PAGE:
We’re so much bigger than all of this.
‘This’ being our identity with our suffering in life. You are not your pain. You are not the circumstances causing the pain. And, you’re not the story you’ve made up about why the pain has happened to you.
My pet story about myself is that I’m replaceable. I have lived my life like I can be replaced at any time. I choose partners and friends who have no problem filling my spot with another. But, that’s not who I am. Who I am isn’t even slightly affected by what happens in my life. My true nature knows this isn’t real. What my mind says about what has happened isn’t real. The stories that whoever hurt me had made up resulting in their behavior aren’t real. This is all stuff of the mind, not of the soul. The soul is quietly waiting for you to notice it. Then you can live. Then you can truly love.
Sri Swami Satchidananda’s commentary on the Yoga Sutras says
“It is not only valid knowledge that creates thought waves, but erroneous impressions also.”
What he’s referencing are the stories our minds make up. This happens constantly. These stories take up more of your thought life than reality. And we believe them to be true.
We also love to adopt the stories others have about who we are. A parent, teacher, or peer tells us we’re ________, and we believe that for the rest of our lives. We integrate it into our being and how we occur in the world. We come from the space created by all of these stories rather than from the space of our true nature.
So how do we sort out reality from our version of it? One way that I’ve learned through my training is to see what really happened versus what your mind made up about what happened. You see a situation for exactly what it is, minus the mind-chatter accompanying it. For example, an expected phone call didn’t happen (or your spouse/child doesn’t behave the way you expect). That’s all that occurred. What didn’t occur is the rejection, disrespect, dishonesty or whatever label you choose to apply to the missing call.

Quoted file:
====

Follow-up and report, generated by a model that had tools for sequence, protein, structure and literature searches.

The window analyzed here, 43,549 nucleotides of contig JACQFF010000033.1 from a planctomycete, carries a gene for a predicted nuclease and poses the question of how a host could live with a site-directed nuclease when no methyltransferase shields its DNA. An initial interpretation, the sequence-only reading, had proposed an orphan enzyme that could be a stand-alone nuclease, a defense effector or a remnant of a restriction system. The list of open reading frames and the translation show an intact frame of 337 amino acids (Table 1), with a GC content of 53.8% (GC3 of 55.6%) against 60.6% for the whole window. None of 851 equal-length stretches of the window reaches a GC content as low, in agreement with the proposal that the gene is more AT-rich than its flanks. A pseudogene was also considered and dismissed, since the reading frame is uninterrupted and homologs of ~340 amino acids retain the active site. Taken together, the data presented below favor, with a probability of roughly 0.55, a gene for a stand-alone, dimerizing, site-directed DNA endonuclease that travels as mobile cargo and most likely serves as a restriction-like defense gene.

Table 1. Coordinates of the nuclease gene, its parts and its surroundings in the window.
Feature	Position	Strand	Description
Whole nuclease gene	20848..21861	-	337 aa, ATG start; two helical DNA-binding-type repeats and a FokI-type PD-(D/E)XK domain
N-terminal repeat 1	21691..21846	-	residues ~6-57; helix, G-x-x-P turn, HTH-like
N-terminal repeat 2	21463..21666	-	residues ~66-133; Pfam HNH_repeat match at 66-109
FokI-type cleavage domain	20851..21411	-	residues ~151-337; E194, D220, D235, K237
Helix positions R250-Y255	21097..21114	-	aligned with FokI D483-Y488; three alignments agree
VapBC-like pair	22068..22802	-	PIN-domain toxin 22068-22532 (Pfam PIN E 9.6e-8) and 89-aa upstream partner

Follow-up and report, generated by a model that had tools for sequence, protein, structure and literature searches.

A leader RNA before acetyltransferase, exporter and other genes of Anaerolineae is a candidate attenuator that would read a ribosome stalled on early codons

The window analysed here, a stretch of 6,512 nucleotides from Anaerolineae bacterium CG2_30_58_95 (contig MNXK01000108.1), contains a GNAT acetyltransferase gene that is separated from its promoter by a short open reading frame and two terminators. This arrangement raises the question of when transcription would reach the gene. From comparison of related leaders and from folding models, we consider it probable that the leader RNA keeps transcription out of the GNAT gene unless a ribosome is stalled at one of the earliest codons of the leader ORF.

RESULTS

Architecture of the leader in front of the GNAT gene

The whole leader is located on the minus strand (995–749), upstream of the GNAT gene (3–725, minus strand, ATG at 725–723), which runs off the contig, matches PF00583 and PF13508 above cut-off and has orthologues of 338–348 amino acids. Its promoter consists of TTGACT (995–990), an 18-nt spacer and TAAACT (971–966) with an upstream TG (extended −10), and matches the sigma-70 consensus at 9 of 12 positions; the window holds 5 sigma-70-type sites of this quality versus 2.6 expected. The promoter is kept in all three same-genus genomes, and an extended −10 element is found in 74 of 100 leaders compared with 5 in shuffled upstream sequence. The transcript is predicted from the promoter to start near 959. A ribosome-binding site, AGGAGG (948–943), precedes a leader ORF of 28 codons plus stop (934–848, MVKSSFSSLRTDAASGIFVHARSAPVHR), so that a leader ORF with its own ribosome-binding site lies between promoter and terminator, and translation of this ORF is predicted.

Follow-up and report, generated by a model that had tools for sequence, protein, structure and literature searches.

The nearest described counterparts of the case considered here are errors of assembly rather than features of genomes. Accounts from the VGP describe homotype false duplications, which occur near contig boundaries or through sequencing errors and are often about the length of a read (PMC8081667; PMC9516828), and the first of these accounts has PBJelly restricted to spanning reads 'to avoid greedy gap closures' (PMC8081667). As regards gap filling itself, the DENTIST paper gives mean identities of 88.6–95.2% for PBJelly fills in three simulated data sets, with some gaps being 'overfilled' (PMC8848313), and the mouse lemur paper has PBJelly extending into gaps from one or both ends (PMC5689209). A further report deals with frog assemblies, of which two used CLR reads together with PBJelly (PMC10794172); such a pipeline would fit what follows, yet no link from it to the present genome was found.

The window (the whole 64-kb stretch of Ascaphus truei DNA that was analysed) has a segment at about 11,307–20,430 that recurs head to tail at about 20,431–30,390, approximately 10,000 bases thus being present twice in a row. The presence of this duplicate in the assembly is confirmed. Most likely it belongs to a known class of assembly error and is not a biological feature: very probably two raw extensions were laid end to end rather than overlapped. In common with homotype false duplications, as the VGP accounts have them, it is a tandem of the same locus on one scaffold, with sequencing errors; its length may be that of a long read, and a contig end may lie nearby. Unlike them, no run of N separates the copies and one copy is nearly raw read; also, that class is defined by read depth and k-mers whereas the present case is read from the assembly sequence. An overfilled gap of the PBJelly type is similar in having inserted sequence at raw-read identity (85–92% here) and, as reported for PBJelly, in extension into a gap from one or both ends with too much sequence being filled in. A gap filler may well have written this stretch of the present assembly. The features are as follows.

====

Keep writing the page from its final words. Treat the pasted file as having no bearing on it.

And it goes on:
How often are things not at all what you assumed they were? I’d say that I’m wrong significantly more than I’m right. But I assume and create ‘realities’ that cause me pain. I convince myself that whatever story I came up with regarding why that phone call didn’t happen is truth. ‘That person obviously doesn’t care about me. They’re off doing something that would hurt me, so they’re avoiding me.” And on and on.
This can go the other way too. Someone is showing you exactly who they are and instead of accepting this, we make up a different reality about them. We pursue this story until they’ve hurt us so badly that we can no longer deny what they were showing us all along.
Take what is for what it is. No analysis is needed. Our fear whines, ‘But what if I get hurt?’ Living from your true nature allows you to experience life without attaching yourself to it. It allows others to attempt to label you without it impacting who you are. Those in your life may truly live without your restriction as you attempt to put them into the box you believe they fit into. Living from your true nature allows all to simply be. And your peace comes from allowing yourself to simply be as well.
We don’t need the change anything. Accept what is. Our attempts to change a person or a situation is what causes suffering. What is already is, no matter how much we reject it. Rejection only causes turmoil for yourself. Acceptance of your situation and those in your life exactly as they are opens up a space for you to live. It allows others to live around you without being met with your judgment and manipulations.
One of my favorite Eckhart Tolle quotes is:
“Dying is the stripping away of all that is not you.”
We can strip away much of what is not us in this lifetime. That’s why we’re here: to get to our true nature. It’s the part of you that existed before your physical body was created and will go on after ‘you’ return to dust. It is a part of the whole that makes up everyone and everything. And I can promise you that it doesn’t have concern for that missed phone call. Its only concern is love.
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Ed: Kate Bartolotta
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